We lack the knowledge of our lack of knowledge.
With that said, we do not have to remain stagnant, stuck in our lack.
And while you cannot snap your fingers and call forth perfect clarity, you can equip yourself with a framework to ensure you are always growing and developing.
The Four Stages of Competence (also referred to as the Four Stages of Learning) was originally developed by a management trainer named Martin M. Broadwell in 1969. It breaks down the stages of learning, from ignorance to mastery, providing a map of the process of learning.
We’re unaware of what we’re unaware of.
We don’t know what we don’t know.
We lack the knowledge of our lack of knowledge.
This can bring with it a light, carefree bliss.
Life is, by all accounts, quite simple.
Being shielded from the unknown can lead to us feeling almost omniscient.
It is far too easy for us to remain in this stage.
Ignorance is bliss.
As long as we can keep the awareness of our ignorance out of sight, we can remain in the paradise our ignorance allows.
We are stuck, without hope of improving or learning.
If we are unable to learn, we are unable to change.
In order to learn, we must first open our eyes to realize there is much we do not know. This is a painful process, but, as Carl Jung wrote, “There is no coming to consciousness without pain.”
If Unconscious Incompetence is Bliss,
Conscious Incompetence is Awareness.
Realizing that Life is not as you thought it was can be deeply disruptive.
Recognizing you are wrong agitates your sense of
and safety in the world.
Though this awareness is crucial for us to progress forward, it can feel deflating.
This can be a cause for repression, frustration, and giving up.
Seeing all there is you consciously don’t know only emphasizes the truth there is much you unconsciously don’t know.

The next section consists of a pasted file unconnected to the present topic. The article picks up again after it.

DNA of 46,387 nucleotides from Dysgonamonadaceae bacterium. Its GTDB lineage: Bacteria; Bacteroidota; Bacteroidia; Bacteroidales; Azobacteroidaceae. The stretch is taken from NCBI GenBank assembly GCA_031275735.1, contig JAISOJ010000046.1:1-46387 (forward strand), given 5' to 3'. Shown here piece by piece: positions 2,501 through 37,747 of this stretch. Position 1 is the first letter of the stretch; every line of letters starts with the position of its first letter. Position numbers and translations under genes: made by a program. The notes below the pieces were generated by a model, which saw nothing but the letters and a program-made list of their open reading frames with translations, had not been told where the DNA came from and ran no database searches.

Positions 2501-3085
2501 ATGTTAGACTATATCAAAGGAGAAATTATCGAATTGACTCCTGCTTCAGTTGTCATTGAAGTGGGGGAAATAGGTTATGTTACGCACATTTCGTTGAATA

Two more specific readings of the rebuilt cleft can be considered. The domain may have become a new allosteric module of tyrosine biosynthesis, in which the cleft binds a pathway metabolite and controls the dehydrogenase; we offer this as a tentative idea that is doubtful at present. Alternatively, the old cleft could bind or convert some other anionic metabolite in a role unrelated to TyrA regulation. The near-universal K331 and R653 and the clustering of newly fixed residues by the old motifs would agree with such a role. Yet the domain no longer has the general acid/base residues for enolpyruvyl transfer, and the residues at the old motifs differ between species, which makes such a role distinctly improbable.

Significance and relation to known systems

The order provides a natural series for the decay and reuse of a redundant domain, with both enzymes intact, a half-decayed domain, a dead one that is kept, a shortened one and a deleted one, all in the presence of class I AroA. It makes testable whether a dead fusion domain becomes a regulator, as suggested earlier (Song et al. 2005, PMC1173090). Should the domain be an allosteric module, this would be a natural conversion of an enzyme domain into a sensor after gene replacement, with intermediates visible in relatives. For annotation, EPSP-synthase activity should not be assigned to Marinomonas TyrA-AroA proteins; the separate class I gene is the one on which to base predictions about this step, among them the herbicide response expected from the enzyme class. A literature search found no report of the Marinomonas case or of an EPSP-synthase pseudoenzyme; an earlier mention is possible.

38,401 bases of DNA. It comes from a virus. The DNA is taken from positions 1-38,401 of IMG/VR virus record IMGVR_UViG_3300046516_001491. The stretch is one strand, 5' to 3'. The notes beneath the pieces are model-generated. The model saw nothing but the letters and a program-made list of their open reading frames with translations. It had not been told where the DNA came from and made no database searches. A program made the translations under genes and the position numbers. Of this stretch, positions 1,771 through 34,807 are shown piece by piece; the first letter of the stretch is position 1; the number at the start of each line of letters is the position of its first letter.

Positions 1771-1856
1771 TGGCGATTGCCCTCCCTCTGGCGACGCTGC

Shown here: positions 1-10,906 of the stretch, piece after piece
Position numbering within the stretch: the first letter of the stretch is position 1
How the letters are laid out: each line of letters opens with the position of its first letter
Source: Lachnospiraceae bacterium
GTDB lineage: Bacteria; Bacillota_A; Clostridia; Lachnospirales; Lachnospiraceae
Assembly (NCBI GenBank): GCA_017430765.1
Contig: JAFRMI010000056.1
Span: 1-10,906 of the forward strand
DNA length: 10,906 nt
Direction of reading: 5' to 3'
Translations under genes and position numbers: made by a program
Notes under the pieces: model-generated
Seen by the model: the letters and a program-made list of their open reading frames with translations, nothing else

Waking up to this realization can be a cause for despair.
It also can be a cause for realizing a whole new set of possibilities.
You may be lit up by an unfamiliar feeling of wonder or curiosity, something many of us have tragically left behind in our childhood.
We are given the opportunity to become a beginner again, where we can start anew.
By loosening our grip on the deceptive feelings of certainty that expertise provides, we can begin with a beginner’s mind, where, “there are many possibilities,” unlike the expert’s, where “there are few,” according to the Zen Monk Shunryū Suzuki.
The awareness of our ignorance will undoubtedly create some level of cognitive dissonance, leading us to potentially employing a whole arsenal of defenses to keep us from these dangerous realizations:
things are not as I thought.
I am not as I thought.
We are severely stunted in our learning without these realizations.
This is the birthplace of growth and new opportunities.
Becoming aware of our lack does not have to surprise us or catch us off guard.
We can use this as another reminder, another data point that there is
little we know,
much we have wrong,
and an absurd amount we have yet to consider.
There are many questions we have yet to answer,
But even more questions we have yet to ask.
If we are approaching our learning with humility, the awareness of our limitations is not crushing. It does not negatively affect our sense of self, our self-esteem, or feelings of competence.
Of course there is much we still have to learn.
Why would we ever believe otherwise?
This is an invitation into deeper learning and appreciation.
Seeing a shortcoming does not negate it.
Realizing you have a particular flaw does not rid you of it.
Growth is nearly impossible unless we realize our shortcomings, but it cannot stop there. Beyond realizing a shortcoming, we must make the choice to work towards bridging that gap.
We must position ourselves as someone who is teachable, who desires to learn.
We must be, “content to be thought foolish and stupid,” as Epictetus once wrote.
We must put in the work necessary to reach a proficient level of competence.